Amelia Harnas & Jeffrey Diteman

, the Parliafunkadelicment Thang handmade a funky lingua franca for post-deseg black generations, and deployed Pentecostal-bred harmonies to the end of deconstructing the many ways the Devil lurks in this amber-waved Babylon. So why did Clinton & Co. delve into America's religious lunatic fringe via a flirtation with Swinging London-era Scientology spinoff the Process Church—a faith best known for drawing ire due to their dual worship of both Christ and Satan?

 It was one thing for golden Beach Boy Dennis Wilson to pal around Los Angeles with Charlie Manson—or even Manson admirer Neil Young to extol his actions and late-'60s LA malaise on the great "Revolution Blues." However, the ambitions of good colored boys in shiny suits with conked 'dos and precision dance steps were only supposed to extend to crossing over to White America—or the River Jordan to the Promised Land in the afterlife—not the hellfires of the old Delta bluesmen the doo-wop singers' parents had abandoned way off Route 66 before their Great Migration to Detroit's assembly lines. The split between the sacred and the profane, between Saturday night fish-fry folks and upstanding Sunday morning parishioners, has been very stark in African American history, such that there was likely little to no method of kenning the erstwhile Parliaments' shift from lye processes to the Process tenets as laid out in the album art for Maggot Brain and America Eats its Young.

 Way before the White Stripes declared "get behind me Satan!" their freaky-deak Motor City forbears in Funkadelic were tripping out at United Sound and rapping about lowdown folks pimping Mother Nature to produce biracial trick babies in the form of myriad societal ills. America Eats its Young's title track sports a doo-wop-ing deus ex machina waxing about "A luscious bitch/She is true/It's not nice to fool Mother Nature," replete with spectral howls and high lonesome whining guitar riffs, before "Miss Lucifer's Love" renovates the time-worn blues trope of a Devil-in-a-red-dress for the Metal Age ("She's the Devil and I like it!"). And the LP's best song, "Biological Speculation," essentially hinges on the rootsy-ness of African retention and Afrofuturism.If anyone should embrace the Good God's adversary/America's Public Enemy #1 it's enslaved Africans and their descendants, for the imperial agents of Islam and Christianity brought death and destruction to their native civilizations and constricted them in the West.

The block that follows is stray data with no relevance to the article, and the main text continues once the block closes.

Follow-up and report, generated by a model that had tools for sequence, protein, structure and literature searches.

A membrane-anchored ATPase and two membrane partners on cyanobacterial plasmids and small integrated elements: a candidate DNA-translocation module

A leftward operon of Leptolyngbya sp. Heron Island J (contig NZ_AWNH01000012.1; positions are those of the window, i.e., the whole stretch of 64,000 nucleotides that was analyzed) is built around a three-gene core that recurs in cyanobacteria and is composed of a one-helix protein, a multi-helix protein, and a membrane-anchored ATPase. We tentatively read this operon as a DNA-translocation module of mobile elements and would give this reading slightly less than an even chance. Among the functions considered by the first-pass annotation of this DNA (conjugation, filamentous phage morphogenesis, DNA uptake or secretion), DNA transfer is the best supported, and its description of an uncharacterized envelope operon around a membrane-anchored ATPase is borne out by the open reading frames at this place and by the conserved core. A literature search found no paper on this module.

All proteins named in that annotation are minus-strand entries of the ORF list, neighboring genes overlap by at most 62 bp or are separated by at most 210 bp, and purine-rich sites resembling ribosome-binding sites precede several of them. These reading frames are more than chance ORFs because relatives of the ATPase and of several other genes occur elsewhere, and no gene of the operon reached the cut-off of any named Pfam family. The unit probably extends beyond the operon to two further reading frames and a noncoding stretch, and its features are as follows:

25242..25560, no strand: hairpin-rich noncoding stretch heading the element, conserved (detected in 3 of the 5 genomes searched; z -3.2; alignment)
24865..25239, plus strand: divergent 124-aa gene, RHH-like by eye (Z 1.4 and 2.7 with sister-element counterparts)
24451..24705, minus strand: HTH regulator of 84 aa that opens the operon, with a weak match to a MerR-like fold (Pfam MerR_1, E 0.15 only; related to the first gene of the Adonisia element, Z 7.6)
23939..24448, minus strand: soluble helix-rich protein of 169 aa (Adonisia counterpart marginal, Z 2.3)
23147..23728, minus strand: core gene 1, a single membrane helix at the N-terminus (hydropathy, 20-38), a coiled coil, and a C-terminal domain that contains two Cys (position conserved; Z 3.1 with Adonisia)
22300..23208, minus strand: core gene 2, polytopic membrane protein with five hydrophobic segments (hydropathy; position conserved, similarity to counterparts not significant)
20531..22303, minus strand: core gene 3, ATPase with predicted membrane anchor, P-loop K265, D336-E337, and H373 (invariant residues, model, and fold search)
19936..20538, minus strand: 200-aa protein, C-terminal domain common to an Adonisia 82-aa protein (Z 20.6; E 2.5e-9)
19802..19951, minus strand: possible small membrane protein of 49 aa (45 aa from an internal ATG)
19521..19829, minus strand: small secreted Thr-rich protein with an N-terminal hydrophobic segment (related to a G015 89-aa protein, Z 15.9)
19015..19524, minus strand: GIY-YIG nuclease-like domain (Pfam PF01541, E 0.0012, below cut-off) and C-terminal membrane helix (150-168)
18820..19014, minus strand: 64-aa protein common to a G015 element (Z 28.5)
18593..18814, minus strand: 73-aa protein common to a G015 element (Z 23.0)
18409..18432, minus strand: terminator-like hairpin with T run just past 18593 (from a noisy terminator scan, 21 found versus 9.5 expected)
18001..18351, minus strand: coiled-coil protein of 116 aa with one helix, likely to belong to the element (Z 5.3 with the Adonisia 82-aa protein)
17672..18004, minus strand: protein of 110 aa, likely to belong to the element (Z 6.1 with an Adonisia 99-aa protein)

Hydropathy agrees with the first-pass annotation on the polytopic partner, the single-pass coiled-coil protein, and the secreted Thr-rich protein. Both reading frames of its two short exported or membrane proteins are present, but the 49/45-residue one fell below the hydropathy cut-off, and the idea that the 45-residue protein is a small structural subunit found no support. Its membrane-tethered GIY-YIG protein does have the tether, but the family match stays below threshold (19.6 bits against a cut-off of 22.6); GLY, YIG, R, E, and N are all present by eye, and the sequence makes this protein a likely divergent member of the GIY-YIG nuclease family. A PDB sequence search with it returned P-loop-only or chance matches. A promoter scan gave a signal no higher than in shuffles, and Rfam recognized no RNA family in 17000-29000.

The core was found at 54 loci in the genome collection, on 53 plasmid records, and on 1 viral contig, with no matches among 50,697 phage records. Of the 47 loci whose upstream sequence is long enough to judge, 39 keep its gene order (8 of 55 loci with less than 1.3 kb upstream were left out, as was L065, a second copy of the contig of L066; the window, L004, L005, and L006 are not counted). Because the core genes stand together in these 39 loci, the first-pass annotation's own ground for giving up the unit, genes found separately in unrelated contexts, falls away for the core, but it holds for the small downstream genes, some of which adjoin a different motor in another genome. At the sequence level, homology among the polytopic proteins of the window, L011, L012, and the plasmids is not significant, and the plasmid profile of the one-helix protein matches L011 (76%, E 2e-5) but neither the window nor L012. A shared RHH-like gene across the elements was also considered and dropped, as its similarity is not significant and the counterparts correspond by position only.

America's never truly gotten past the imagined haunting gaze of inscrutable redskin savages watching settlements from the woods. And it's this American gothic, the primal horror to which Americans ritually sacrifice that Funkadelic limned on its chaotic answer record to Sgt. Pepper and Exile On Main Street by displaying a lily-white vampiress Lady Liberty gorging on multiracial babies, and opining on everything from segregated hipster culture ("Philmore") to clowning Mick Jagger's Bantu-philia on "Miss Lucifer's Love." This was the original Black Sabbath. In the wake of James Brown, George Clinton and his black rock peers were repping for the O.G. Ethiopian rocker, Dionysus, and prophesying that we shall overcome aboard ancient Kemet's Ark of a Million Years, escaping America's hell on earth for black folks in "A Joyful Process" (ripping the kiddie Christian song even an Atheist like me was raised singing: "Jesus Loves Me"). So why not shake down Satan?